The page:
VoxEU Column Financial Markets

The rise and apparent fall of macro-prudential regulation

Policymakers embraced the rhetoric of macro-prudential regulation in response to the crisis, but most of their proposals have just suggested more micro-prudential regulations of the sort that already failed. This column criticizes those proposals and outlines what real macro-prudential approaches would look like.

An early consensus to emerge from the wreckage of the global financial system was that in addition to the old regulation, we needed a new type – macro-prudential regulation. This became so readily accepted, at a time when policy makers were ready to accept almost anything that appeared to be affirmative action, that the term “macro-prudential regulation” quickly became a cliché – overused and poorly understood. So poorly understood, it now appears, that despite much talk of the need for macro-prudential regulation and its cousin, systemic risk regulation, it is actually hard to find any detailed macro-prudential regulation in the US administration’s white paper. Bank of England Governor Mervyn King has also pointed out that despite being given broader responsibility for systemic risk by the UK Government, he has not yet been given any macro-prudential tools to achieve it.

The term macro-prudential regulation was probably first used in the late 1980s by Andrew Crockett, former General Manager of the Bank of International Settlements. In more recent years his colleagues at the Basel-based BIS, in particular, Bill White and Claudio Borio, championed the idea along with some policy officials – it may be unhelpful to them to identify these by name – and macroeconomists like Charles Goodhart, John Eatwell, Jose-Antonio Ocampo, me and others. The point of macro-prudential regulation is that financial firms acting in an individually prudent manner may collectively create systemic problems. Macro-prudential regulation is a response to a failure of composition problem – we cannot make the financial system safe merely by making every financial institution and product safe.

Proposals to improve the regulation of firms, products and markets – contained in the Obama administration’s white paper – are generally a good thing, but they are not macro-prudential. Moreover, these proposals neglect the critical observation that we have spent the last 20 years tightening up micro-prudential regulation and yet financial crashes are just as deep if not more so, and they do not occur randomly, which a failure of a rogue firm might imply, but always follow booms. The cycle of financial boom and crash implies there is something “macro” going on we need to address separately.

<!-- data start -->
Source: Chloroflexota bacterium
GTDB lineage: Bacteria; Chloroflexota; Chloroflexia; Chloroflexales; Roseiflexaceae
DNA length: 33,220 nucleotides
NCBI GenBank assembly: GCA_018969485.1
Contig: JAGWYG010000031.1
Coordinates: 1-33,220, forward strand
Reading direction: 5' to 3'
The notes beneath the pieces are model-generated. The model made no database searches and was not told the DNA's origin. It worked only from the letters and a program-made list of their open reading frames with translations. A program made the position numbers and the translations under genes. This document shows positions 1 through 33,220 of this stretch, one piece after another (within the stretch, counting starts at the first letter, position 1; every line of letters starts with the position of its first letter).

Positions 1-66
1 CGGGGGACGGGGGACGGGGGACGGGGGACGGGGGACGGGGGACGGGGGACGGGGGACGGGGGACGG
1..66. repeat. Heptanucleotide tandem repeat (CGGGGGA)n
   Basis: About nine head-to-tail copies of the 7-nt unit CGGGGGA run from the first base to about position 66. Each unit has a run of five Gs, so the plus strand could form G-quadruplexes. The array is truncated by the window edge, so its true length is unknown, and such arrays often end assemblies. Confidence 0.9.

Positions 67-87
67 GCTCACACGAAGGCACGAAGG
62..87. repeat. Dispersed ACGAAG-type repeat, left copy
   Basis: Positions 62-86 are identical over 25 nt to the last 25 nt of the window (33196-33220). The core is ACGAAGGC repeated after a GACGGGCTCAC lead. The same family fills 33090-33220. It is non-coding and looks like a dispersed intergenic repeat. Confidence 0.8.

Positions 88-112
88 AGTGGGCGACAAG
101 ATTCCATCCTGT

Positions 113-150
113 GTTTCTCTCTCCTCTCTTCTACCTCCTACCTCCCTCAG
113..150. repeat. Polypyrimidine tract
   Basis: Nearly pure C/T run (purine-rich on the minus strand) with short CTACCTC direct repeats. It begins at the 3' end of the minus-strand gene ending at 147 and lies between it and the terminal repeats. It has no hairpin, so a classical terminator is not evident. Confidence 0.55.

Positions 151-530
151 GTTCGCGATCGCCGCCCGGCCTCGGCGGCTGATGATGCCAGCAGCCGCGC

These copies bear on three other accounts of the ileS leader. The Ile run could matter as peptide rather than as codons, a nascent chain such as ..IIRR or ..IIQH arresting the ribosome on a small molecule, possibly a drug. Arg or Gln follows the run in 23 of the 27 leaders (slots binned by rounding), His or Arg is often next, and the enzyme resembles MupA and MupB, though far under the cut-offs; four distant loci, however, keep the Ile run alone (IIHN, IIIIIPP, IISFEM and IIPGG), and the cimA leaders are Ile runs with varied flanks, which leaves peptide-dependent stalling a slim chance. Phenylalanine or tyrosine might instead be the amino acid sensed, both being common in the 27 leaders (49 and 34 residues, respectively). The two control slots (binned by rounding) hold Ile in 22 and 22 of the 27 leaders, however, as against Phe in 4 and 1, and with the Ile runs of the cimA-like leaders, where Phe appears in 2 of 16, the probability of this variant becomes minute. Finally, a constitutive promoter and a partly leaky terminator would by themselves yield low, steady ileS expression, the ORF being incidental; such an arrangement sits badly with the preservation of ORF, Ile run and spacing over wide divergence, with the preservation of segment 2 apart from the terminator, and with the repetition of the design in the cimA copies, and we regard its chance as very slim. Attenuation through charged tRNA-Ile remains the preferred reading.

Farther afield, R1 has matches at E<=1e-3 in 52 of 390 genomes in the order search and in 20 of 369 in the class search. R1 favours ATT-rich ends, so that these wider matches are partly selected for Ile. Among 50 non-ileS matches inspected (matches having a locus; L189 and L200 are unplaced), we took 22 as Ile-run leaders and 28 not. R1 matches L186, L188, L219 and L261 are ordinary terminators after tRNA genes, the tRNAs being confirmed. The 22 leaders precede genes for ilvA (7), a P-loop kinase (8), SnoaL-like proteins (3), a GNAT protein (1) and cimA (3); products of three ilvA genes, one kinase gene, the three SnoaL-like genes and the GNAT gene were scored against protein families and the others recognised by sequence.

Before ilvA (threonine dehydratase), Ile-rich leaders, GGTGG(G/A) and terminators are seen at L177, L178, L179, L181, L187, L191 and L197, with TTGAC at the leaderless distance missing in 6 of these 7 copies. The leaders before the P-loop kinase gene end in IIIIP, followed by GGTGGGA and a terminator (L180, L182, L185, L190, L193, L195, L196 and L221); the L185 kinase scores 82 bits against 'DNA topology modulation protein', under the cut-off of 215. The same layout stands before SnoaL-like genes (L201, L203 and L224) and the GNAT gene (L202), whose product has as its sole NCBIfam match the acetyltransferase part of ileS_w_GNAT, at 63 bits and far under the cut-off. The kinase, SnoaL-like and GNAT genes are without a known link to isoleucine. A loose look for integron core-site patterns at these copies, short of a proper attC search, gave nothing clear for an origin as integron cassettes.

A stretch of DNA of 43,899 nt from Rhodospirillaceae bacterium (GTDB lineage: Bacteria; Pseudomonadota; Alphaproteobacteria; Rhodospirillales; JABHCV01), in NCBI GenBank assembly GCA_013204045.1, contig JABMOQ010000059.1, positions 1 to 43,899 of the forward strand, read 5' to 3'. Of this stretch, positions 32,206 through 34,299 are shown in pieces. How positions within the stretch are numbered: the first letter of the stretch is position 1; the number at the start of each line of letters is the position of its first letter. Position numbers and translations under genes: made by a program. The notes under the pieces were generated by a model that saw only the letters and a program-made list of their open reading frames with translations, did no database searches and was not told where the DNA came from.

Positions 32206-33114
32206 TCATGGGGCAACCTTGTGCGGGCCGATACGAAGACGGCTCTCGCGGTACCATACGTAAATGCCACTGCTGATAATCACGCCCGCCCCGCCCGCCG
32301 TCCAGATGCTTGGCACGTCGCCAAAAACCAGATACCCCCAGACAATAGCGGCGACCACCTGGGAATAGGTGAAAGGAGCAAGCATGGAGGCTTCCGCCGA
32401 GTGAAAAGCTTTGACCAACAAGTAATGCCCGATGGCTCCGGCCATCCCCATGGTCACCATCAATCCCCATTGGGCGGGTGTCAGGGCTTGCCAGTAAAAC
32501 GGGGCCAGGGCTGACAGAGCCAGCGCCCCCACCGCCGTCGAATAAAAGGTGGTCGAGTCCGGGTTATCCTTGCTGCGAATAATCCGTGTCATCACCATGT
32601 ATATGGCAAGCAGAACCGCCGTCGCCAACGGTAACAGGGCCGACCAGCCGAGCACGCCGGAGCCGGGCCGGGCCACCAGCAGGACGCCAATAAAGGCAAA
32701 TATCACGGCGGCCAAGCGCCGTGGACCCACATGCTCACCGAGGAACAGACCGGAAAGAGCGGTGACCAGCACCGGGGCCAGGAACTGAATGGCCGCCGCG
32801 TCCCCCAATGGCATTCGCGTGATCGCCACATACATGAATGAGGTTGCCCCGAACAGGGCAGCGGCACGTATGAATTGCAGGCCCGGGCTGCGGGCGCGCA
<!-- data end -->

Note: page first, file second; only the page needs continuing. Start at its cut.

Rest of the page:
A common source of macro-prudential risk is common behaviour by financial firms – often as a result of close adherence to micro-prudential rules. During booms, asset prices rise and measured risks fall. Acting prudently, financial firms will feel it is safe to expand lending. All financial firms expanding together will lead to a scramble for assets that will lead to unsustainable valuations and lending. During the resulting crashes, asset prices collapse temporarily and measured risks soar. In “Sending the herd off the cliff edge” (Persaud 2000), I showed how all financial firms responding to common, prudential, market-based risk controls would lead them all to want to sell the same assets at the same time, creating a liquidity black hole.

Macro-prudential regulation is about encouraging different behaviour than a prudent firm would follow, wherever this prudential behaviour could undermine the financial system if followed by everyone. It is rather like the paradox of saving. Individually saving is good; collectively we can have too much of it. A classic macro-prudential tool that Charles Goodhart and I have advocated is to raise capital adequacy requirements, not for all times, but specifically when aggregate borrowing in an economy or a sector is above average in an attempt to put sand in the systemically dangerous spiral of rising asset prices leading to rising borrowing to buy assets, leading to rising asset prices. This will not end boom-bust cycles, but it will help to reduce their amplitude. Another macro-prudential tool would be to take a holistic approach to financial regulation and encourage certain risks to flow to places with a capacity for that risk. When the crash comes, firms that can absorb short-term liquidity risks, perhaps because they have long-term funding, are not forced to join the selling frenzy in the name of common prudential rules for all, but are more able to buy and diversify liquidity risks across time. This would forestall the implosion of the financial system that would occur if there are no buyers, only sellers.

Buried beneath the Obama Administration’s proposals are hints at counter-cyclical provisioning, extra capital for liquidity risks at banks, and differentiated accounting, but the paper essentially gives too much to those carrying the pitch forks in Congress who argue that what was wrong was that we didn’t have enough regulation. The brave observation is that we had too much of the wrong regulation. Doubling up existing regulation will satisfy the justifiable moral outrage against bankers that many voters feel; but it will lead to more of the same in financial boom and bust because it is insufficiently macro-prudential.


Persaud, Avinash (2000). “Sending the herd off the cliff edge: The disturbing interaction between herding and market-sensitive risk management practices.” World Economics 1(4): 15-26.

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